Highland Bowl, Aspen Highlands

AspenRealLife.com – I sat at my desk typing away. I was in full blogging mode wearing my father’s silk Chinese robe, my hair piled high atop my head. It’s my favorite color that robe, slate blue, and paper-thin, and I often cannot write without slipping into it.

It had been snowing for two days. I wrote fast and furiously so that I could make turns on the new foot of fluffy, white powder.

The weather on Saturday was not so cooperative with freezing temperatures and very strong winds. Snuggling up to Wade on the lift, I asked the Ski Patroller who rode with us how the bowl was. He said it was blustery. “I don’t do blustery,” I told Wade regrettably.

Wade’s eyes were wild with the anticipation of hiking the Bowl. Unlike me, blustery is his middle name. The more elements nature throws his way, the happier he is. I let him go and went inside with all the other people who couldn’t handle it and hung out for an hour to wrap my head around the cold.


Hiking the Bowl, for those of you who don’t know, entails a 700 foot climb from the summit elevation of Aspen Highlands to reach the Bowl summit at 12,392 ft.

Wade met up with me after his second lap encouraging me to go with him on his third, telling me that it was definitely blustery up there but I needed to go with him regardless. I figured he would be less amped on his third hike and that he wouldn’t steer me wrong knowing full well what the consequences would be if he did.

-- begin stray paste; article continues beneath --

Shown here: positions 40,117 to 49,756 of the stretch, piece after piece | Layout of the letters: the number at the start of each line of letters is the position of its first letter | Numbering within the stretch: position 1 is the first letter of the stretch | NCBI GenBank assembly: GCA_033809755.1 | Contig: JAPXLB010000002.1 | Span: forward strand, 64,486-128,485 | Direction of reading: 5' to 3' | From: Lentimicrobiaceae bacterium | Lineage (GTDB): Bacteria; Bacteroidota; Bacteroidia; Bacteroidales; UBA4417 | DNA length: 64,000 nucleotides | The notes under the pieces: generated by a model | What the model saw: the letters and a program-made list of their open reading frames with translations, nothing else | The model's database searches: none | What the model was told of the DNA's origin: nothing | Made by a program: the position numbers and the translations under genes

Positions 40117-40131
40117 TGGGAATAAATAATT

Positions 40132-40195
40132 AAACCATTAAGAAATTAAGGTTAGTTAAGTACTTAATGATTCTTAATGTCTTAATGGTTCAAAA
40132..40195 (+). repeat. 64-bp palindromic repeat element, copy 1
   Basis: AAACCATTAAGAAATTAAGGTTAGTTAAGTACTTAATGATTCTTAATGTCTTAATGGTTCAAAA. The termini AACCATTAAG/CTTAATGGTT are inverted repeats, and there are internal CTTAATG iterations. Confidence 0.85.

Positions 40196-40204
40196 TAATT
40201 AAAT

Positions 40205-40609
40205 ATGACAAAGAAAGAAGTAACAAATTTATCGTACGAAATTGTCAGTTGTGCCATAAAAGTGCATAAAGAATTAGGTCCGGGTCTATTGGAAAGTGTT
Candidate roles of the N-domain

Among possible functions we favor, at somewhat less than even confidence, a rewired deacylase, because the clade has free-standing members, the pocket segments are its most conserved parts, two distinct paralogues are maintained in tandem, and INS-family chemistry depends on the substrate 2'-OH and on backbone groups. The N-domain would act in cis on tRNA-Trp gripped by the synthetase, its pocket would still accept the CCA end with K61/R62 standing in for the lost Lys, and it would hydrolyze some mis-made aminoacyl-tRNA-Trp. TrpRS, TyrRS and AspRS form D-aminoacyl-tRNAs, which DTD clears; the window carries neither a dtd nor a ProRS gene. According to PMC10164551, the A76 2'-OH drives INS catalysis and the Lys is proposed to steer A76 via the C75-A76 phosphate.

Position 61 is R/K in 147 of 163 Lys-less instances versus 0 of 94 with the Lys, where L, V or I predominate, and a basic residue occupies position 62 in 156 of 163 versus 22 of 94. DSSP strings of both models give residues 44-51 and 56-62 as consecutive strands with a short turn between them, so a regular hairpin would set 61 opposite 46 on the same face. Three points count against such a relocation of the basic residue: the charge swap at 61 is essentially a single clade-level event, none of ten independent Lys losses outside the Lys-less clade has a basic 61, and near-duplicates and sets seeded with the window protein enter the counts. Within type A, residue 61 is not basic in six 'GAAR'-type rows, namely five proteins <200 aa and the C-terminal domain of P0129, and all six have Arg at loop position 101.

Making sure I was all bundled up, he tucked me in to my clothes so tightly that I could hardly breathe and we headed up.

When we got to the Rooster Roost, a patrol booth littered with warnings of hazards that may exist on the expert terrain that we were heading into, I stopped him and re-confessed my love for my mountain man with the signs in the background echoing the dangers that can be found in love, know what you’re getting into before you leap.

Hiking in ski boots with your skis on your back is less than enjoyable, the trail is often packed out by somebody twice your size, causing each step to be a huge effort. As for the skis, if you don’t have them placed in your strap correctly, either your helmet is bonking the top of the skis with every step or your skis are hitting the lower part of your legs.

The wind was a force and at times I had to stop and wait for it to let up lest it blow me over the precipice.

Photo Credit: Michele Cardamone. Photo is of Pam Sweeney, and me (bringing in the rear) while hiking Aspen Highlands Bowl.

Being over 12,000 feet high on a 1,000 foot ridgeline with 40mph winds is no Disneyworld. Described by many as a true out of bound experience, in-bounds, it was invigorating. When we got to the summit Wade had a huge white spot on his face. He wouldn’t let me help him knowing that my hands held no warmth to get rid of the frostbite.

We had no time to take in the To Read More Click Here

~Jillian Livingston, AspenRealLife.com

Featured Photo Courtesy of Aspen/Snowmass

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